Pearl Harbor sailor remains returned to Missouri, buried
The remains of a U.S. Navy sailor killed during the attack on Pearl Harbor in Hawaii have been returned to Missouri to be buried with full military honors.
Clifford George Goodwin had been resting in a common grave at the National Cemetery of the Pacific in Hawaii for decades, the Springfield News-Leader reported.
New DNA analysis has identified the remains of more than 130 soldiers lost during the Pearl Harbor attack, including Goodwin.
Goodwin was serving aboard the USS Oklahoma when Japanese bombers descended on the ship. Goodwin was among more than 400 sailors and Marines killed aboard the ship on December 7, 1941.
His brother, Dan Goodwin, was also serving on the USS Oklahoma at the time. But Dan Goodwin was on shore during the attack. He searched for his brother for days.
Clifford George Goodwin was later announced missing in action.
More than 100 family, community and U.S. Navy members honored Goodwin at a funeral service May 12 in Diamond, Mo.
“Today a hero has come home,” the Rev. Phillip McClendon said. “A hero is in our midst.” AP
Burials set for sailors killed during Pearl Harbor attack
The families of two sailors with Illinois ties who were killed during the 1941 Japanese attack on Pearl Harbor are preparing for their burials.
Military officials say DNA testing helped identify remains of the sailors who were among 429 killed when the USS Oklahoma sank.
The military says 20-year-old Gunner’s Mate 2nd Class William Hellstern of Peoria, Ill., will be buried May 18 in Wheat Ridge, Colo. A burial ceremony for Petty Officer 2nd Class Walter Howard Backman is planned for Memorial Day in the Chicago-area city of Batavia, Ill.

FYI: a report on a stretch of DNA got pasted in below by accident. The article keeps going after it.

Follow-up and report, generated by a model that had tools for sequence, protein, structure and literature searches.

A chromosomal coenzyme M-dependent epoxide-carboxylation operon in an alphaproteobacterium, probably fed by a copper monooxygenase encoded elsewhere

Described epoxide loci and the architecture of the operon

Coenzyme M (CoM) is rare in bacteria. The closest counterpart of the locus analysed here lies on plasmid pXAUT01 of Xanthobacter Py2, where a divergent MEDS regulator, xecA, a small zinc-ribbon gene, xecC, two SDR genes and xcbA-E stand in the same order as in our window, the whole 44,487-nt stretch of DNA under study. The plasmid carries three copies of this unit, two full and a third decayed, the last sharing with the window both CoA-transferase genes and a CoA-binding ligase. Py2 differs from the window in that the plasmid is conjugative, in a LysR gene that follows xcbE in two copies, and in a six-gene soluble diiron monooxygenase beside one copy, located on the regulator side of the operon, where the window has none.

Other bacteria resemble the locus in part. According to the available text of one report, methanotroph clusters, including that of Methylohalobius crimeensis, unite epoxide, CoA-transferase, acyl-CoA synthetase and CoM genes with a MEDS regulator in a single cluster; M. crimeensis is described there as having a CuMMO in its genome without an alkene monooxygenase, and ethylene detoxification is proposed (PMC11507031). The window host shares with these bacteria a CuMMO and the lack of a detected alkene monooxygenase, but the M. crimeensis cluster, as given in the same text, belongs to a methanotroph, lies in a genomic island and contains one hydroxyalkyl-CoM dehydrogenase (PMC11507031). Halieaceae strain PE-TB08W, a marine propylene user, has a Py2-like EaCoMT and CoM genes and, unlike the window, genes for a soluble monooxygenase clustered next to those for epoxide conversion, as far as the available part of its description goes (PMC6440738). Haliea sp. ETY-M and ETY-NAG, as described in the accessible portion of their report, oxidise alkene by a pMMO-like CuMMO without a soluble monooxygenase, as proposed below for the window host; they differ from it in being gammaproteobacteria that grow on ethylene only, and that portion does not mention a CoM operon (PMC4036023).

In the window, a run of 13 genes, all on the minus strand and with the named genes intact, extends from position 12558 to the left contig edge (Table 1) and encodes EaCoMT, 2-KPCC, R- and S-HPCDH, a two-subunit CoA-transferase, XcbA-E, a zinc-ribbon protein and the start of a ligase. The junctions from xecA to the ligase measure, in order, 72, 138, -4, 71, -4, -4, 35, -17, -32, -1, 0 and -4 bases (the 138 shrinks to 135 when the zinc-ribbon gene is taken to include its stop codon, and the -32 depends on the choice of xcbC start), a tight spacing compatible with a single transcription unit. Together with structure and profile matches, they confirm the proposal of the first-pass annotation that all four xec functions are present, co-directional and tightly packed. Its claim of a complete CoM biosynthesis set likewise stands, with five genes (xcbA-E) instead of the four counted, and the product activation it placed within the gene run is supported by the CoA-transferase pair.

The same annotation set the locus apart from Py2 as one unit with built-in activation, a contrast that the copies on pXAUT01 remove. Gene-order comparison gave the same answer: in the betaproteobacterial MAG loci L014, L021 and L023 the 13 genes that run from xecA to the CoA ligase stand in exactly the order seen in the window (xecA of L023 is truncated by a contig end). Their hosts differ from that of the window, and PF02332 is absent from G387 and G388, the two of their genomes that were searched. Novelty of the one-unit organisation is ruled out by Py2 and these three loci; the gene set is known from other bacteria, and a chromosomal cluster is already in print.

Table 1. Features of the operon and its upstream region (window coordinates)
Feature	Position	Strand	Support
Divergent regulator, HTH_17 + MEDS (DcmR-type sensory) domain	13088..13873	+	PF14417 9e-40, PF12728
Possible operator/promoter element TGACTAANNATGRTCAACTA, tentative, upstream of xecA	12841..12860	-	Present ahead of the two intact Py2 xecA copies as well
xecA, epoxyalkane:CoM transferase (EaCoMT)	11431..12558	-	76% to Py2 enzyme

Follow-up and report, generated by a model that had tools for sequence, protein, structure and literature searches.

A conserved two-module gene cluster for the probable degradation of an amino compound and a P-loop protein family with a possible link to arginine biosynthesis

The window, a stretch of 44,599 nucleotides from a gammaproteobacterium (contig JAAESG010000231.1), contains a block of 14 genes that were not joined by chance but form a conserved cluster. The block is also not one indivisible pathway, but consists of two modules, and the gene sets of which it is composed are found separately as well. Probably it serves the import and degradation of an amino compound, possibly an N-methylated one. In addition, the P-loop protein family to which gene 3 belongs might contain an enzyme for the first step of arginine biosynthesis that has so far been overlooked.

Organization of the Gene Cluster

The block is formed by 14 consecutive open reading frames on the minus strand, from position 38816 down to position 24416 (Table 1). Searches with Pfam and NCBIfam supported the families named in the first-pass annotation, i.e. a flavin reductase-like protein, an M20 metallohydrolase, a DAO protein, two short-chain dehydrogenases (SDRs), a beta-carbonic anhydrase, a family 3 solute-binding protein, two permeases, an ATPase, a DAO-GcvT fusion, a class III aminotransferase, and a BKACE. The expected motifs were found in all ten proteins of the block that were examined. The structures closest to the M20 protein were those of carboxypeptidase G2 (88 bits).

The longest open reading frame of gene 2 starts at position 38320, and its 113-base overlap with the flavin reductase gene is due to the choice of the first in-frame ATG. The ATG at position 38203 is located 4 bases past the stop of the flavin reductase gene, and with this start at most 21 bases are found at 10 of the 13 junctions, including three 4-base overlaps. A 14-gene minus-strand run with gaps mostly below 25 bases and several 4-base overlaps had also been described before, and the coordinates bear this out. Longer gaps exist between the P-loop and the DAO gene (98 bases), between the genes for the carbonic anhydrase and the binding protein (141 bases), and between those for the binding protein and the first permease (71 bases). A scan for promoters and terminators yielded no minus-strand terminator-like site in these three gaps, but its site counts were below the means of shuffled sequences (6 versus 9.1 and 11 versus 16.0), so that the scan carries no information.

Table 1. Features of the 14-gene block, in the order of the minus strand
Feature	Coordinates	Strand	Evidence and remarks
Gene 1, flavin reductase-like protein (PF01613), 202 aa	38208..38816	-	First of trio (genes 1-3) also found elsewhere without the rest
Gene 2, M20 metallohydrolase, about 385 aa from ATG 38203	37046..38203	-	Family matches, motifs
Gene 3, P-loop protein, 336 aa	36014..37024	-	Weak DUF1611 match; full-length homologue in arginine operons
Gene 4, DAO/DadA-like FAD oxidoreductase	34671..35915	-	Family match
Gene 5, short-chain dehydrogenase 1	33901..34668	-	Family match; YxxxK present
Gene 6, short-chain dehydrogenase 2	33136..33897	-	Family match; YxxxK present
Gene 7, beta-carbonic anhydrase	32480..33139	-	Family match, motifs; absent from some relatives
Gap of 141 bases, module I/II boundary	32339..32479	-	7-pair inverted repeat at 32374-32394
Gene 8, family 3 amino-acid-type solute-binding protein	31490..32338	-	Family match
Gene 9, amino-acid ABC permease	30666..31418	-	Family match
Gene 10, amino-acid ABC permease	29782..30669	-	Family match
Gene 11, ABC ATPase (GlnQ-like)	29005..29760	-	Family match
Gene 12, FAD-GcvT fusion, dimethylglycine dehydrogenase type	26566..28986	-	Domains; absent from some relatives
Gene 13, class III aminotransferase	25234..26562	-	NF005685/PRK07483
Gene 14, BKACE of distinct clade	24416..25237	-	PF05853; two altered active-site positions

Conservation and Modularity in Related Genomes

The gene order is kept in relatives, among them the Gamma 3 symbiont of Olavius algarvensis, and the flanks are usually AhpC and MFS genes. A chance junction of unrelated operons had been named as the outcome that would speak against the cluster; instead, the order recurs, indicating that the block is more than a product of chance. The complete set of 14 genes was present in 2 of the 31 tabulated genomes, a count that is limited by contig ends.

Carolyn Sellers tells The Beacon-News that relatives from seven states are expected as her uncle is buried near his parents. Backman was born in Wilton, N.D., to a farming family who moved to Aurora, Ill., shortly after his Navy enlistment. AP
Germany eyes goal of 1.5 percent defense spending by 2025
Germany’s defense minister says Berlin will raise its military spending to 1.5 percent of GDP by 2025 — far short of the 2 percent goal demanded of NATO members by U.S. President Donald Trump.
Defense Minister Ursula von der Leyen said May 14 that defense spending will reach 1.3 percent next year. She plans to tell allies at next month’s NATO summit that Germany “wants defense spending’s share of the gross domestic product to reach 1.5 percent in 2025.”
German news agency dpa cited experts saying that would amount to about 60 billion euros ($72 billion), compared with 37 billion euros last year.
She didn’t address claims Saturday by the new U.S. ambassador in Berlin, Richard Grenell, that Chancellor Angela Merkel has told Trump that Berlin will reach the 2 percent target by 2030. AP